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14 July, 2024
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'I speak the language of international law', Tsipras tells Erdogan

Turkish President Recep Tayip Erdogan said that the Greek PM “is speaking to himself when he says some things'

Newsroom / CNA

Greek Prime Minister Alexis Tsipras underlined on Tuesday that he speaks the language of international law, the language of rationalism, truth and determination.

Tsipras, who addressed the officers of the Greek military force in Cyprusnat their campus in Malounta, where he went after his arrival to the island to attend the funeral of Cyprus’ former President Demetris Christofias, was responding to statements by Turkish President Recep Tayip Erdogan who said that the Greek PM “is speaking to himself when he says some things'.

The Greek PM noted in his speech that "this is a turbulent period for our region during which challenges have not ceased, instead have multiplied” adding that both Greece and Cyprus are at the centre of these developments.

He stressed that it is imperative to convey the message to everyone that “we proceed only in the framework of international law and whoever violates that, the sovereign rights of Greece and the sovereign rights of the Republic of Cyprus, will face repercussions" and the price they will pay will be high.

Tsipras noted however that "we want peace and stability. We are a country that favours peace and dialogue. At the same time we are determined to defend our sovereign rights as we have learned to do so from our history.”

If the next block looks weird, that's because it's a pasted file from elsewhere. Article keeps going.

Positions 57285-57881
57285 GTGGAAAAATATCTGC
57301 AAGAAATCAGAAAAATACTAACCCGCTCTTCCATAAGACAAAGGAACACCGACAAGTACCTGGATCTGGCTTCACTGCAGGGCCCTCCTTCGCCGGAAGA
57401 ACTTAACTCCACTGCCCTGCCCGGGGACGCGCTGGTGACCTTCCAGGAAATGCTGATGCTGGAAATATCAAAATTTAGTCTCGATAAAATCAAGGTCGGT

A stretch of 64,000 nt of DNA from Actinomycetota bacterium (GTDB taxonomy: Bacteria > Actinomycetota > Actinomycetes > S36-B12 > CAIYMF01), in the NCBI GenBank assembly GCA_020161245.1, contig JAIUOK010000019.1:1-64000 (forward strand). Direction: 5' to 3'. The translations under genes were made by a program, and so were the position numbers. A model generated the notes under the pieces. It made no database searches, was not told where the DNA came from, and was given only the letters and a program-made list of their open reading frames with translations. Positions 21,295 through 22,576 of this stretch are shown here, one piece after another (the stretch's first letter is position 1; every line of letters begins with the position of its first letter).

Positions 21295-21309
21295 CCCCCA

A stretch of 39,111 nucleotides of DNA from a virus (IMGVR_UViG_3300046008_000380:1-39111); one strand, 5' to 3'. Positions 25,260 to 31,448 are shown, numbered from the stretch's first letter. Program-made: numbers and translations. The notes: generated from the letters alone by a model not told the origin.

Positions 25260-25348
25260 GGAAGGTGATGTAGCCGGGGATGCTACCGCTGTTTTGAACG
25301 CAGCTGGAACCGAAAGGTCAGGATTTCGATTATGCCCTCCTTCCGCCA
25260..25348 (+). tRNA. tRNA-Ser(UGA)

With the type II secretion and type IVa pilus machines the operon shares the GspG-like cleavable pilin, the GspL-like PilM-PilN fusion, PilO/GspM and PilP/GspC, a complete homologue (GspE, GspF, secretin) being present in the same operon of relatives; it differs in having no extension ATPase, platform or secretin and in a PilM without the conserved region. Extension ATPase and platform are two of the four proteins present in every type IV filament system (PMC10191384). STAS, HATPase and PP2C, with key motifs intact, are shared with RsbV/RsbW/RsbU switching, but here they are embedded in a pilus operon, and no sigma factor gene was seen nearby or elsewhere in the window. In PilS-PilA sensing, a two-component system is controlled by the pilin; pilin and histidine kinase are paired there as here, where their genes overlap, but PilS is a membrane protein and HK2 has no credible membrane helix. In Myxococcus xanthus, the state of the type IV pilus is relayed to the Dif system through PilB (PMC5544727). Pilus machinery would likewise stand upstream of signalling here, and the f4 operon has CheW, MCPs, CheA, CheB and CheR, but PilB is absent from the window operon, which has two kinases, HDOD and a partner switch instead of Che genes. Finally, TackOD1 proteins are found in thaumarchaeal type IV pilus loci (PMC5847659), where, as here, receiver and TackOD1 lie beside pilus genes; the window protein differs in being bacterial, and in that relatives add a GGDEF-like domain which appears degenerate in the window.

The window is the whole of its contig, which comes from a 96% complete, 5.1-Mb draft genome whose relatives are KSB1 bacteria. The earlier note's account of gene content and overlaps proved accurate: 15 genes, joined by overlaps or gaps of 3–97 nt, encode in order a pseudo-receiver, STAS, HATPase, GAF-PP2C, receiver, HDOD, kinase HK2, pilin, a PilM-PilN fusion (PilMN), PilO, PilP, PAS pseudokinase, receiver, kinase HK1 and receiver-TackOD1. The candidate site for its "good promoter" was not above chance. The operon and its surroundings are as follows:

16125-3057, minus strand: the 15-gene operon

The Greek Premier further said that Greece supports Cyprus, its sovereign rights, its inalienable right to make use of the energy resources within its EEZ. “We will support Cyprus in exercising its sovereign rights”, he stressed.

Tsipras said it would be wise for Turkey to stop the violation of international law, otherwise, he added, the price for the EU-Turkish relations and for peace and stability and cooperation will be high.

The armed forces of Greece are powerful, reliable and ready to fulfill their mission, in the framework of the international law, he cautioned.

Cyprus has been divided since 1974, when Turkey invaded and occupied its northern third. Last month Turkey issued a navigational telex, announcing its intention to start drilling off Cyprus until September 3. “Fatih” is located almost 40 nautical miles west of the Akamas peninsula and 83 nautical miles from the Turkish coast. The area falls within the EEZ and continental shelf of the Republic of Cyprus. “Yavuz”, a second Turkish drill ship is also en route, approaching the region.

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